As far as the game industry is concerned, the next generation of hardware will soon be announced, development costs will rise, and consolidation between various game makers will occur. However, I believe those developments will be restricted to cases where companies are exclusively persuing (higher-quality) visuals. Obviously, when we talk about important aspects of a game, it is the story in a RPG and a game system, that does not become tiresome.
Despite not being major titles, games which are steadily, developed smaller projects conversely catch the fans' attention easily. For instance Shadow Hearts (laughs).
As far as the future of the RPG genre is concerned, there probably will be a bipolarization between epic titles, which will take dozens of hour to complete, and shorter titles, which can be completed within ten hours. I believe, among those two, there will be a larger quantity of shorter games. There is anxiety about a sharp rise in development costs and development cycles are getting longer.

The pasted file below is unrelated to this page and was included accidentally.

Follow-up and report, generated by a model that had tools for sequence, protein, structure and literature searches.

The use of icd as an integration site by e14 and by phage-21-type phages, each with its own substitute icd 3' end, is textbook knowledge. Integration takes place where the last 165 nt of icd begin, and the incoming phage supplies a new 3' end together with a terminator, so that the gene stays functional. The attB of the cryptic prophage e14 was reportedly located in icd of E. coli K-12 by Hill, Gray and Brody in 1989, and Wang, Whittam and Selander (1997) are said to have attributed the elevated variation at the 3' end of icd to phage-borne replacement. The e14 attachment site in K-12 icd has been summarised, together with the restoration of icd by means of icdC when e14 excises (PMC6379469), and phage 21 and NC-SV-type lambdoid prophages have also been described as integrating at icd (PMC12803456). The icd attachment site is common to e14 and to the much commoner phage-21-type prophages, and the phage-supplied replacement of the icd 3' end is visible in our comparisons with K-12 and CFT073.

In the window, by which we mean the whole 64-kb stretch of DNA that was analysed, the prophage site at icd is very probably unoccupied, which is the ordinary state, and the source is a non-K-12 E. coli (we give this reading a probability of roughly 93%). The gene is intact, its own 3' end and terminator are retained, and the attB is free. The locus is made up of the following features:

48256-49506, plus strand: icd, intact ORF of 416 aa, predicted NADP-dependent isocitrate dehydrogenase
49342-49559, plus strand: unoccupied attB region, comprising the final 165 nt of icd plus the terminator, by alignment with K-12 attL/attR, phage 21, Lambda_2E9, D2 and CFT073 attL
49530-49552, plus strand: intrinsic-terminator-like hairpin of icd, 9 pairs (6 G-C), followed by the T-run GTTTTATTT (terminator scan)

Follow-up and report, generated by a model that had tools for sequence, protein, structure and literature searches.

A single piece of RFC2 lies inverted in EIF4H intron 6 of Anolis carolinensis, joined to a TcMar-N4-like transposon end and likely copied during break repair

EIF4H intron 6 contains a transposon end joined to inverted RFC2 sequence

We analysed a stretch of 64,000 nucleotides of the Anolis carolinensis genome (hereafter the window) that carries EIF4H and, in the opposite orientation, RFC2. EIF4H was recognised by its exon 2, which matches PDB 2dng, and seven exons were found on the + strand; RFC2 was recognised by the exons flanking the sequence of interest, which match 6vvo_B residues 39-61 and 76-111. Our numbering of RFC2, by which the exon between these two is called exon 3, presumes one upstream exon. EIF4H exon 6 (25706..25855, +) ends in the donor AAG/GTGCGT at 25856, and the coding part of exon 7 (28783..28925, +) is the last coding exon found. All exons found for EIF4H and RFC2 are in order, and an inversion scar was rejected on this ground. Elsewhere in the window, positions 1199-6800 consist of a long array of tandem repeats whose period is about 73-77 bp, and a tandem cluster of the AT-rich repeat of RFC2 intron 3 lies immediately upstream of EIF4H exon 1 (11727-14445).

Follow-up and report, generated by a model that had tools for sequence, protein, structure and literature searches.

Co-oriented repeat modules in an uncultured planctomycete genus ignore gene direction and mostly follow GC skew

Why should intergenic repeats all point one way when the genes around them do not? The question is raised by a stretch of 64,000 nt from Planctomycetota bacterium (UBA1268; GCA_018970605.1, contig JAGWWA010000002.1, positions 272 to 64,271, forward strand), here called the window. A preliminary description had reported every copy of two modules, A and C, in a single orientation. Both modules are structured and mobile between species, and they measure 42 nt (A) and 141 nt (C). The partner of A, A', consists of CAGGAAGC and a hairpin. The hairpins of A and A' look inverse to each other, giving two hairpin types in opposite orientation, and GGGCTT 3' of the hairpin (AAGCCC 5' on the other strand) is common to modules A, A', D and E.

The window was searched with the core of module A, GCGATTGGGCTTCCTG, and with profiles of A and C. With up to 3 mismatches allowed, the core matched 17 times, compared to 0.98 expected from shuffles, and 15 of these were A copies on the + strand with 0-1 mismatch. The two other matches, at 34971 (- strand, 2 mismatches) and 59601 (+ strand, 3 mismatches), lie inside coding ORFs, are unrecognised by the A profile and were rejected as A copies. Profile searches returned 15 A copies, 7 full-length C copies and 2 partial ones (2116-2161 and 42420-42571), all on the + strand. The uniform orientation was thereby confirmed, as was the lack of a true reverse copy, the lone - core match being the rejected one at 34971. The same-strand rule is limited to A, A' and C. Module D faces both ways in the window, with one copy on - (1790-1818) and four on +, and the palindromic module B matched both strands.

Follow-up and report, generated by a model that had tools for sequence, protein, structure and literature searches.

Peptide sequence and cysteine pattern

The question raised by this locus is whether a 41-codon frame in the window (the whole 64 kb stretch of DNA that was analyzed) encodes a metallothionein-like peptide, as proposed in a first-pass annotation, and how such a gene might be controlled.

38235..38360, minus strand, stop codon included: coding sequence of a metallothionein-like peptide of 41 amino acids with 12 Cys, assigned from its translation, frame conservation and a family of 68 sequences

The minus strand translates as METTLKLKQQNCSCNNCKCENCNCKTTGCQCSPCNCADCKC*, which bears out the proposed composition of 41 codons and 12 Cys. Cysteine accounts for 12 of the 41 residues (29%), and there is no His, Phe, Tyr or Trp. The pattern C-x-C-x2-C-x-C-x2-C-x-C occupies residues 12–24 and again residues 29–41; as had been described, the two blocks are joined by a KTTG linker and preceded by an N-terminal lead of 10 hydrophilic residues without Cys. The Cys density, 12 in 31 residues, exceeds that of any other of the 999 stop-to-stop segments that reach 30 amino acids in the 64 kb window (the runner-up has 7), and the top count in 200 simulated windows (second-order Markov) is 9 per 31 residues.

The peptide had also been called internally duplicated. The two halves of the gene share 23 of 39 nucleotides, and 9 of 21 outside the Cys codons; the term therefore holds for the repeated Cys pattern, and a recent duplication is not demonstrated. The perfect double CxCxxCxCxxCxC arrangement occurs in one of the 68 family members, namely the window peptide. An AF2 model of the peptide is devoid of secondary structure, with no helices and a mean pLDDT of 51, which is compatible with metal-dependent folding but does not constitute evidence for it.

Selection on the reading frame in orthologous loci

Q:What games are you playing yourself?
A: I'm playing Square Enix's Final Fantasy XI. However, the fact that I only have very little time to play the game, makes me worry (laughs).
RPGFan would like to thank Nautilus and Aruze's Consumer Game Division for their cooperation and support in enabling us to present this exclusive interview to our readers.